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The Vitamins That Help To Treat Schizophrenia

The Vitamins That Help To Treat Schizophrenia post image

Schizophrenia can cause delusions, hallucinations, confused thinking and dramatic changes in behaviour.

High doses of B vitamins can help reduce the symptoms of schizophrenia, new research finds.

B vitamins, including B6, B8 and B12 were added to the normal treatment of people with schizophrenia.

Schizophrenia is one of the most serious types of mental illness.

It can cause delusions, hallucinations, confused thinking and dramatic changes in behaviour.

Dr Joseph Firth, the study’s lead author, said:

“Looking at all of the data from clinical trials of vitamin and mineral supplements for schizophrenia to date, we can see that B vitamins effectively improve outcomes for some patients.

This could be an important advance, given that new treatments for this condition are so desperately needed.”

Schizophrenia — which affects around 1% of people — is normally treated with antipsychotic drugs.

These can be effective, but unfortunately around 80% of people relapse within five years.

The study reviewed 18 different clinical trials including 832 patients.

They found that high doses of B vitamins helped reduce the symptoms of schizophrenia.

The vitamins were particularly effective if used early on in treatment.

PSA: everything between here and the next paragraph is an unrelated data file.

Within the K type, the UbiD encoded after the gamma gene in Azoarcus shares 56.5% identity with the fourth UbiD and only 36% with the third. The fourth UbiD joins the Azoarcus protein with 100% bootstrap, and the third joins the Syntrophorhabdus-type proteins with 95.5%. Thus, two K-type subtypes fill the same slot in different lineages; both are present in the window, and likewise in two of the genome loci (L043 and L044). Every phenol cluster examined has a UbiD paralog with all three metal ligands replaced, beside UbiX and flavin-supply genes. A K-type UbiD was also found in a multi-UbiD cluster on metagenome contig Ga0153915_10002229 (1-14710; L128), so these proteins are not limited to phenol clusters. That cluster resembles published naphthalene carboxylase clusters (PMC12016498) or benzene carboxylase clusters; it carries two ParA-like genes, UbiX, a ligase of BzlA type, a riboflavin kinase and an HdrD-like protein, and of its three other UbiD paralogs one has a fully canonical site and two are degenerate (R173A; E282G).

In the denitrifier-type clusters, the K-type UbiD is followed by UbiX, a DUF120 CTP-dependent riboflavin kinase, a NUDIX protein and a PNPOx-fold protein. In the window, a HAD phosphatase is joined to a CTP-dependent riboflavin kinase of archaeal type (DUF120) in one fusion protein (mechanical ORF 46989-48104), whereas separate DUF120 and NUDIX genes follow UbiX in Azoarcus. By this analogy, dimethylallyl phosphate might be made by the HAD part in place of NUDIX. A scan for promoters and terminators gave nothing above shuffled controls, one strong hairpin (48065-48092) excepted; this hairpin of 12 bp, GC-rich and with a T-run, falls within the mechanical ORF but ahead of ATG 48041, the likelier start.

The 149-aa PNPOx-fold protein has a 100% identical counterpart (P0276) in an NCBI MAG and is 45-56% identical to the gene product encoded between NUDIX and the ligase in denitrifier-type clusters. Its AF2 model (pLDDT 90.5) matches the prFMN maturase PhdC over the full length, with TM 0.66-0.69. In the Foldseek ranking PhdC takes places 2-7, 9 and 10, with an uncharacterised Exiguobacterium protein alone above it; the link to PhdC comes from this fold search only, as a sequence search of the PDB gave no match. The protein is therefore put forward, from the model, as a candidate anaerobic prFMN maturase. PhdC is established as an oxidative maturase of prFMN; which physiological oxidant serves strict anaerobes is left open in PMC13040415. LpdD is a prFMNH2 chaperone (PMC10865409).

Dr Firth said:

“High-dose B-vitamins may be useful for reducing residual symptoms in people with schizophrenia, although there were significant differences among the findings of the studies we looked at.

There is also some indication that these overall effects may be driven by larger benefits among subgroups of patients who have relevant genetic or dietary nutritional deficiencies.”

Professor Jerome Sarris, study co-author, said:

“This builds on existing evidence of other food-derived supplements, such as certain amino-acids, been beneficial for people with schizophrenia.

These new findings also fit with our latest research examining how multi-nutrient treatments can reduce depression and other disorders.”

The study was published in the journal Psychological Medicine (Firth et al., 2017).



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